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Health

Is the NWT doing enough to combat an unprecedented syphilis crisis?

Last modified: September 16, 2022 at 2:10pm


The NWT’s syphilis crisis is scaring healthcare workers, who say it’s on a scale Canada has rarely seen before, if ever. They worry HIV isn’t far behind.

Adding to that worry is a concern that the territory is not deploying some weapons against syphilis quickly enough as case counts grow, while a pill that helps prevent HIV is too costly for some NWT residents to obtain.

This summer, the NWT acquired new rapid tests that can detect both syphilis and HIV and deliver a near-instant result.

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Yet three weeks after the territory received its first shipment of 2,500 tests, all of those tests are sitting on a shelf somewhere. None have been used.

The NWT’s health authority says this is because staff need to be trained and have the right processes in place – everything down to the right forms and updated software – before the tests are rolled out.

David Maguire, a spokesperson for the health authority, said the tests are a “supplementary tool used to support the current syphilis management that is already occurring which includes health promotion, case management, contact tracing, testing and treatment.”

But two NWT officials with direct knowledge of this initiative told Cabin Radio the tests are much more valuable than that in the middle of a crisis. Both spoken on condition of anonymity to discuss sensitive details of their work.

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Because the rapid tests deliver results while a healthcare worker is still with a patient, one senior official said, immediate decisions can be taken rather than waiting for lab results to come back.

Lab tests are still carried out to make sure of each result, but the rapid tests provide a result that reinforces instant action while patients are in the room on their initial visit.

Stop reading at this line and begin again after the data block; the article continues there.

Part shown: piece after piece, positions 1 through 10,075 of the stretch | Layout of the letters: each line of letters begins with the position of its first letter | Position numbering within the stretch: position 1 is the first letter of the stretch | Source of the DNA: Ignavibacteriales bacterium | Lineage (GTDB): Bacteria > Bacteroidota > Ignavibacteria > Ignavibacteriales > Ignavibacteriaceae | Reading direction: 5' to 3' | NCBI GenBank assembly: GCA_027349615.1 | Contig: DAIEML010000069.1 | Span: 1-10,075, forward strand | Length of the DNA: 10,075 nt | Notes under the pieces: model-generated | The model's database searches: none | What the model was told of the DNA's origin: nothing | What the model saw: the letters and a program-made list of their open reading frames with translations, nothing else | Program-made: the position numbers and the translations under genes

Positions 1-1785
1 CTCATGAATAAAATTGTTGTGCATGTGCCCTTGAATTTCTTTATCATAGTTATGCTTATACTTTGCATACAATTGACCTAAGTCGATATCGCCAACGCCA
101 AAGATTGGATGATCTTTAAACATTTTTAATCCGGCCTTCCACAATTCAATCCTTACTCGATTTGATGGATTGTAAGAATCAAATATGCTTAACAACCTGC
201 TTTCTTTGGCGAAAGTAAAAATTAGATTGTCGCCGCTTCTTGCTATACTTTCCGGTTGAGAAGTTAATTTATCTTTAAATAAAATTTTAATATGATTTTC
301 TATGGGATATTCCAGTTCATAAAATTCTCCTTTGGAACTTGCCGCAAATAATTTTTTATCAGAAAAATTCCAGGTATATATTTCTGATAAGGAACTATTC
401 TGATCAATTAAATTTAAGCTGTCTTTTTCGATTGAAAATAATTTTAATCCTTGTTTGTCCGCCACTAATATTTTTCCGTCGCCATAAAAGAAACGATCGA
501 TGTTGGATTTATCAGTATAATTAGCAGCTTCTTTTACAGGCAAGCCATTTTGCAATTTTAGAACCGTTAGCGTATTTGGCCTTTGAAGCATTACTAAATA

That has the potential to be extremely important in halting the rapid spread of syphilis, where rates are increasing at a worrisome pace across the NWT and particularly in the Dehcho and Tłı̨chǫ.

The official expressed exasperation at the pace of the rollout, given training began in July and the NWT government held a press conference that month at which the tests were hailed as “transformative” by healthcare workers who had used them elsewhere.

Dr Ameet Singh and Noel Iver demonstrate a syphilis rapid test in Yellowknife in July. Laurissa Cebryk/Cabin Radio

Another official compared the rollout to that of Covid-19 rapid tests, stating that a delay this long in deploying rapid tests against Covid-19 would have drawn significant public scrutiny.

Maguire said that comparison was “not reasonable” because the new syphilis and HIV rapid tests are not yet approved by Health Canada and are only cleared for use in the NWT as a “special usage case” given the scale of the outbreak. (They’ve already been used in some southern provinces, too, in specific circumstances.)

“The use of these tests prior to Health Canada approving them comes with additional requirements and responsibilities that had to be put in place prior to their use,” Maguire stated by email.

“As to the training in July, this was an initial overview of the test and how it was rolled out in Alberta. We needed to take that information and apply it to our operations and context, and then train any staff who may be using this new testing method on the specifics of the implementation in the NWT.”

While physicians called the tests transformative in July, Maguire said this week they were “another tool to add to our already existing toolkit to address this outbreak.”

“If anyone is concerned they may have a syphilis infection,” he wrote, “they should see their healthcare provider right away. If symptomatic, they can and will be treated immediately, regardless of whether or not they get a [rapid] test.”

Petition calls for HIV PrEP access

The tests are not the only item missing from the NWT’s toolkit, some healthcare providers and residents say.

HIV PrEP is a prophylactic, a pill that helps to prevent infection if you are later exposed to HIV. Taking one PrEP pill per day is understood to reduce a person’s risk of HIV infection by up to 99 percent.